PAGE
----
What’s the Dating Culture Like at Harvard?

Students walk through the Harvard University campus in 2006.

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Answer by Yehong Zhu, class of 2018:

There’s a stereotype that people here are either single or married (i.e., in very serious long-term relationships), but nobody really dates.

One-fifth of graduating Harvard seniors have never been in a relationship during college. The median number of relationships that Harvard seniors reported? Just one. With the exception of the lucky few who are currently in relationships, the majority of the student body is single at any given time—meaning that there’s no shortage of legitimate dating woes on campus.

Of course, culture doesn’t happen in a vacuum. There are reasons why Harvard students aren’t dating, a number of which I list below.

Unfairly Gendered Perceptions

Dating is hard enough. Throwing Harvard into the equation just makes everything worse. Gender roles have come a long way, but anachronistic perceptions about inequality of the sexes still exist, especially when it comes to sexual attraction within coed circles of superaccomplished 18- to 22-year-olds.

A study showed that, given two identical pictures of the same girl—one with “Harvard” written on her shirt, one without—men will rate the plain-shirted girl as more attractive online. When the demographics are reversed, however, women will rate the guy wearing a Harvard-emblazoned shirt as more attractive than the one without.

According to another study, men prefer smart women in theory, but not in real life. A team of researchers asked male undergraduate students to take an intelligence test before meeting up with female participants who either performed better or worse than they did on the test. When meeting up with them in person, the men sat farther away from the women who performed better than they did on the hypothetical exam and also rated them as less attractive, even if they initially said that they found female intelligence to be an attractive quality in dating partners.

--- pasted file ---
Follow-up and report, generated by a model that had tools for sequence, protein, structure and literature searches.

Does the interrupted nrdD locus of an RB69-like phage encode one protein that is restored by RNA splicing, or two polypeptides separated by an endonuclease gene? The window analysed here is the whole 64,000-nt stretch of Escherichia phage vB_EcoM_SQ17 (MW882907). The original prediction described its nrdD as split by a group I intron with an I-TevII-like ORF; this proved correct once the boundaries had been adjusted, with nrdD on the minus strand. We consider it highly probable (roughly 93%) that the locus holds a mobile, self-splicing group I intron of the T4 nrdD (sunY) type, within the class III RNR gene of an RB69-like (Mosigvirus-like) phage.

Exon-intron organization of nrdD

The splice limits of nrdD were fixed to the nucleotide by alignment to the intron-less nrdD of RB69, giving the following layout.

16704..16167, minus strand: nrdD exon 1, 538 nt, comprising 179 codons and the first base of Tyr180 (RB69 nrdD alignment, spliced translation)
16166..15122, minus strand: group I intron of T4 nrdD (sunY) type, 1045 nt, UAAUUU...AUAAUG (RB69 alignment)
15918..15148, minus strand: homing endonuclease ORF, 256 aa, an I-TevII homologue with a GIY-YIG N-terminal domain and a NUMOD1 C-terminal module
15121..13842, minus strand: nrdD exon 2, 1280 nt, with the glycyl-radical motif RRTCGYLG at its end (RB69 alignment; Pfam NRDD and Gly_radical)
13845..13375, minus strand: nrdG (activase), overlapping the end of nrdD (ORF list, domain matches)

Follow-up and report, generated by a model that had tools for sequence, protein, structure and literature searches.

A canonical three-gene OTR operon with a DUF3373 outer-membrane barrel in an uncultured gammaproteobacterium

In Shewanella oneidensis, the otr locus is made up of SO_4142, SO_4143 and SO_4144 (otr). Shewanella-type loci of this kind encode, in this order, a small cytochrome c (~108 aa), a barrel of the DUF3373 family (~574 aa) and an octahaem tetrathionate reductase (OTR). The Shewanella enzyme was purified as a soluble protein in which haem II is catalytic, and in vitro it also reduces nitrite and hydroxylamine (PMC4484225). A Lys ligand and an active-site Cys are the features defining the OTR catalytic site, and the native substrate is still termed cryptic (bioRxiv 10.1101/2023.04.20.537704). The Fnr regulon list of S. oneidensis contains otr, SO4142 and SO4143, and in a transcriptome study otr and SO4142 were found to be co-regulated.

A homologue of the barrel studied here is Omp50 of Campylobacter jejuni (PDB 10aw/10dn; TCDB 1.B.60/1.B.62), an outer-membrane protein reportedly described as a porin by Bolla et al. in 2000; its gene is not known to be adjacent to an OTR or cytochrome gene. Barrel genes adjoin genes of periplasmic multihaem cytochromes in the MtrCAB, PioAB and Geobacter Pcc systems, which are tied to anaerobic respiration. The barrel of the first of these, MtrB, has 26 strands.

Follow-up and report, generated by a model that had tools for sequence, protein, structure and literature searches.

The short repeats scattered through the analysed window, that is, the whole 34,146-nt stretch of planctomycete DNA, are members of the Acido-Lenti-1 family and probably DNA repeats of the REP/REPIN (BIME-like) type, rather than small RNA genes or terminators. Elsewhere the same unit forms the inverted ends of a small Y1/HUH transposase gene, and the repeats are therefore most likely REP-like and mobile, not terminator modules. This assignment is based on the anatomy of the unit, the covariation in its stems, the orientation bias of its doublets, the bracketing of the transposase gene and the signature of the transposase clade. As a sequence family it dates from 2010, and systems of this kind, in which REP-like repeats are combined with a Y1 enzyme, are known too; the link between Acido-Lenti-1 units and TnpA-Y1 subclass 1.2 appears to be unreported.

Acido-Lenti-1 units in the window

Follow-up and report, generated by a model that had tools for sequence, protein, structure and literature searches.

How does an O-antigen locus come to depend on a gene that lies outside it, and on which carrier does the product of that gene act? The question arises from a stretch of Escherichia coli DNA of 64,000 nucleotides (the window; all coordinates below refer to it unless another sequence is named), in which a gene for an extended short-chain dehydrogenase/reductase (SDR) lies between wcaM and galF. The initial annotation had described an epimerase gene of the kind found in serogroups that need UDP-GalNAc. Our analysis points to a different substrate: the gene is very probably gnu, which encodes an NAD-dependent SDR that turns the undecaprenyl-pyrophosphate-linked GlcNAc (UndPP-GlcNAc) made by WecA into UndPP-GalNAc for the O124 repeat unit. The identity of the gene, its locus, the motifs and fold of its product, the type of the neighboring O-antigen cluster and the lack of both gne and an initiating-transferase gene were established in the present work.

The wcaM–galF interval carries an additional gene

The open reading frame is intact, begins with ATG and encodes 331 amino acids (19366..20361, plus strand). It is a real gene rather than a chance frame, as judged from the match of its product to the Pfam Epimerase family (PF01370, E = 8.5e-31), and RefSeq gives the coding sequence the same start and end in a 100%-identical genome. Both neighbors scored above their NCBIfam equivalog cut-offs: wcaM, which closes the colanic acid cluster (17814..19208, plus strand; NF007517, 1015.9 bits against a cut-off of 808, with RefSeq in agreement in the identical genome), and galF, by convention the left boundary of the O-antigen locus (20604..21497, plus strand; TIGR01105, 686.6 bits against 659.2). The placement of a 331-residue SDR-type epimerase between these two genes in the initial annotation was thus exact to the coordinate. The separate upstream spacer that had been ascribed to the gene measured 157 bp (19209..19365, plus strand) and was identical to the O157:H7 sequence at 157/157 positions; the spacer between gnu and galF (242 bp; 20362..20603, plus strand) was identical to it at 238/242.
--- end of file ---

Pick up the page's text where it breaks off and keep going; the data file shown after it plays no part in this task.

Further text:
If I were to postulate a reason for this, it’s that society’s standards of masculinity and power is one in which the male is dominant—not just in physicality, but also in intelligence, ambition, and earning potential. Men might prefer less accomplished women for the same reason that many women prefer taller men. Deeply ingrained gender perceptions can be harmful all around.

Anecdotally, Harvard women are also less impressed by Harvard men. That failsafe “I go to Harvard” pickup line no longer works on that cute girl in section, because—surprise!—she goes to Harvard, too. When women are educated and accomplished, they tend to hold higher standards for their dating partners. One common complaint among friends of mine: “Where are all the dateable guys?”

But, perhaps both sides are being too critical. The dateable guys might be right in front of us, hiding in plain sight. And those smart girls wearing Harvard T-shirts might not be that bad after all.

Hookup Culture

Part of the reason why people aren’t dating is because people aren’t dating.

Instead, the proliferation of hookup culture on college campuses is displacing a would-be culture of dating. Swiping right on a lighted screen is significantly easier than putting in the work for a relationship, and the value of sex—facilitated by the use of apps such as Tinder, Grindr, Bumble, and Hinge—has been lowered considerably.

Consider this from a historical perspective. Attitudes about hooking up have evolved from a strict cultural taboo on premarital sex, to a monthlong courtship before a first kiss, to drunken hookups facilitated by sweaty dorm parties and desperation, to its most evolved form to date: those oh-so-eloquent “Netflix and chill?” texts at 3 a.m.